The careful reader will note that what has got Prof. Esenberg's dander up was this post, highlighting his false claim that compilers of a chart on the cover of a 1999 report of the World Meteorological Organization "combin[ed] two different measurements and pretend[ed] they are the same thing and mischaracteriz[ed] what data show."
This is the claim of Prof. Esenberg's with which I took issue. Except he avoids this and instead inventories a collection of vocabulary employed from time to time at this blog (which is part of the internets and tends occasionally to adopt its vernacular, although I don't believe I have ever used Ms. Kopechne as a figure of fun):
"Teabagger", "wingnut", "not very smart", "moron", "calumnist" "ignorant," "fraud," "dishonest," "lying," etc. You'd think that arrogance, if it must be expressed, should be earned, but I guess that "denializer" is not so bad.This is supposed to be an argument, I guess, so please feel free to use the search function at the upper left corner to determine whatever context they were used in and if it was even me that was using them and not as part of a quotation from somebody else.
For example, "teabag," the verb, was coined by a Fox News reporter.
"Morons," as Prof. Esenberg conveniently overlooks, is what his friend Charlie Sykes called some Milwaukeeans who held a vigil at North Ave. and Oakland on Friday night to commemorate the conference on climate change currently underway in Copenhagen.
It's my understanding that Charlie Sykes is not exactly a shrinking violet himself when it comes to colorful language describing his perceived political adversaries (in this case, the youthful idealists that Sykes so abhors and mocks at every available opportunity).
So how come Prof. Esenberg doesn't similarly take Sykes to the woodshed, if it's so terribly not nice to call people morons? Evidently it's acceptable as long as you're Charlie Sykes, whose obsequious consideration of Prof. Esenberg is as a "renaissance man."
(Perhaps he'd settle for just "medieval warming period man.")
"Calumnist" is a term coined by yours truly (I think [eta: not]) to characterize the Milwaukee Journal-Sentinel's self-described "right-wing guy" Patrick McIlheran, because that's exactly what he is.
"Calumny," in fact, is a relatively mild description for McIlheran's fatuous rhetorical efforts, e.g., to falsely tie one of Obama's advisers in the Department of Education to the notorious North American Man-Boy Love Association, which is what McIlheran did.
As a matter of fact, it was McIlheran's series of gross distortions, risible misunderstandings, and deployment of so-called "experts" like the Third Viscount Monckton of Brenchley that inspired a number of posts here on the topic of "Climategate."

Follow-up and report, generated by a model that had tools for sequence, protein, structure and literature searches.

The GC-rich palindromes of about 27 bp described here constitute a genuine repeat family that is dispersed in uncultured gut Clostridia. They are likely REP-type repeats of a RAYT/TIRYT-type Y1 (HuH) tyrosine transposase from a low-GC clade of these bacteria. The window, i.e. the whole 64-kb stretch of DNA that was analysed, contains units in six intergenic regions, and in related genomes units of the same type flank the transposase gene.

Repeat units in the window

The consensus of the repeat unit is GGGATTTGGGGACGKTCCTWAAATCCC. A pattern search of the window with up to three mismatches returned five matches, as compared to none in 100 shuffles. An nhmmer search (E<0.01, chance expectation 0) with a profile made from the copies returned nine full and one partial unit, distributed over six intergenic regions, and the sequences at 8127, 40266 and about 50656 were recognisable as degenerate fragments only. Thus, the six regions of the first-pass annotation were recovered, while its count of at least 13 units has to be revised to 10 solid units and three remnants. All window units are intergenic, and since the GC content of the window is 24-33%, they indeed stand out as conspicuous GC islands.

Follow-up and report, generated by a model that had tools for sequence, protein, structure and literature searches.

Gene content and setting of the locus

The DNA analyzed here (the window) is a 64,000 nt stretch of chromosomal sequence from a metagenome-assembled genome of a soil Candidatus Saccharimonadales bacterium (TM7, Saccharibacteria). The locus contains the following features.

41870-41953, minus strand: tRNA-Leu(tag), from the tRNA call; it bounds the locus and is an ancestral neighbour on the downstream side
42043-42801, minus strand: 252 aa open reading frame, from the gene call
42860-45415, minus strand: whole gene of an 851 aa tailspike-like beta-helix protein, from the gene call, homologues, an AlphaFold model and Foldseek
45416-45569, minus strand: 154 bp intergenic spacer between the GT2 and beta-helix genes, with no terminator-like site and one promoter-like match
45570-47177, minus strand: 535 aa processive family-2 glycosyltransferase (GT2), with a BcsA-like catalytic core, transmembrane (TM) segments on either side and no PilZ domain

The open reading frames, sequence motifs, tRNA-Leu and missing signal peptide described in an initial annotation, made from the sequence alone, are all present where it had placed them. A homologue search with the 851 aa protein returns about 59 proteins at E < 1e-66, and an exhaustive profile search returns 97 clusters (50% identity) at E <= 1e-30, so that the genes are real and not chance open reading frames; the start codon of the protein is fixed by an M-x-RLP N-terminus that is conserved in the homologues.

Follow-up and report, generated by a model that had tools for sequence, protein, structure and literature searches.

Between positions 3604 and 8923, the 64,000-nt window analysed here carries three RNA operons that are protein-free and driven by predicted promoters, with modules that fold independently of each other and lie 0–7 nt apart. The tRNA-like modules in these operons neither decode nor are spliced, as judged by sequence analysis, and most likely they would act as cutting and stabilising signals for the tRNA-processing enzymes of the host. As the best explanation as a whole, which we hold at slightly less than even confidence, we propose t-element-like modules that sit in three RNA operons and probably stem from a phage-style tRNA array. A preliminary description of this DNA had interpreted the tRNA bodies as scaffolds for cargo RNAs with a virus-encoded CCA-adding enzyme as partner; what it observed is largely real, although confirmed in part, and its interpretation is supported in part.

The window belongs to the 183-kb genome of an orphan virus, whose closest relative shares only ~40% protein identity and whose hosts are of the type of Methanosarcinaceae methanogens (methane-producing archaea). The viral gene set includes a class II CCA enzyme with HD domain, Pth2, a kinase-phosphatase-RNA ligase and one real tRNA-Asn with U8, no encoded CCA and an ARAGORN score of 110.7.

I personally find it more than a little appalling that the biggest daily newspaper in the State of Wisconsin would see fit to publish such pure nonsense, but that's just me. It's a crazy expectation, I know.
Call me a youthful idealist (and see you at Pizza Man).
As for frauds, "dangerous frauds" is how McIlheran described scientists whose private correspondence was unlawfully uploaded to a computer server in Russia last month.
And "dangerous frauds" is how McIlheran has described those scientists despite being comically unaware* that the much-celebrated "decline" referenced in one of those e-mails was not a decline in measured temperatures but rather a decline in sensitivity to changes in temperature observed within a particular collection of a particular species of tree in a particular location in the Northern Hemisphere.
Except I have never seen Prof. Esenberg condemning Mr. McIlheran for his hysterically reactionary "opinions," which are themselves in turn grounded on his not even knowing what the hell he's talking about. No, instead Prof. Esenberg rambles away about Al Gore, who has nothing to do with any of this, as far as I'm concerned.
Ironically, it was none other than Prof. Esenberg who wrote:
On the left, bloggers like Illusory Tenant are redefining the term "denialist." There is, they say, nothing to see here and "wing nuts" who say other things are so stupid — not at all like us smart people.Now suddenly he affects to be troubled because I placed him in the denialist camp (for good, empirical reason, as opposed to faux-trage at choice of the same nouns and adjectives his local right-wing colleagues use), an awfully slippery double standard on his part.
While I never said there is nothing to see here, I did predict very early on that the political right would attempt to construct fallacious bales of straw from what seemed to me little more than scientists "sharing around some catty messages with each other."
Which is precisely what has happened. And, despite Prof. Esenberg's continuing use of his own coined expression "Climatequiddick," he's yet to address the question I'd put to him more than once: "So I'll ask again: Is this really all you guys have? 'Hide the decline'?"
* For two weeks, after which he dismissed as a "subtlety" the somewhat fundamental question of whether temperatures were rising or declining. I'm not kidding. "Renaissance man" notwithstanding, it hardly comes as a surprise that Mr. McIlheran looks up to Prof. Esenberg as he "whom I want to be as smart as someday."
To be sure, Prof. Esenberg is in fact very smart indeed, which makes some of the positions he stakes out that much more questionable.
Like this one, for example:
The rationale behind the recusal motions filed against Michael Gableman are [sic] primarily (although not quite entirely) based on the now infamous Reuben Mitchell ad and certain statements made by Gableman’s lawyer, Jim Bopp, in the course of defending Justice Gableman on ethics charges stemming from the ad.While Attorney Rob Henak is a talented advocate, I don't believe he's quite mastered time travel, as his original motions were filed in April, and Jim Bopp didn't deliver his statements until September.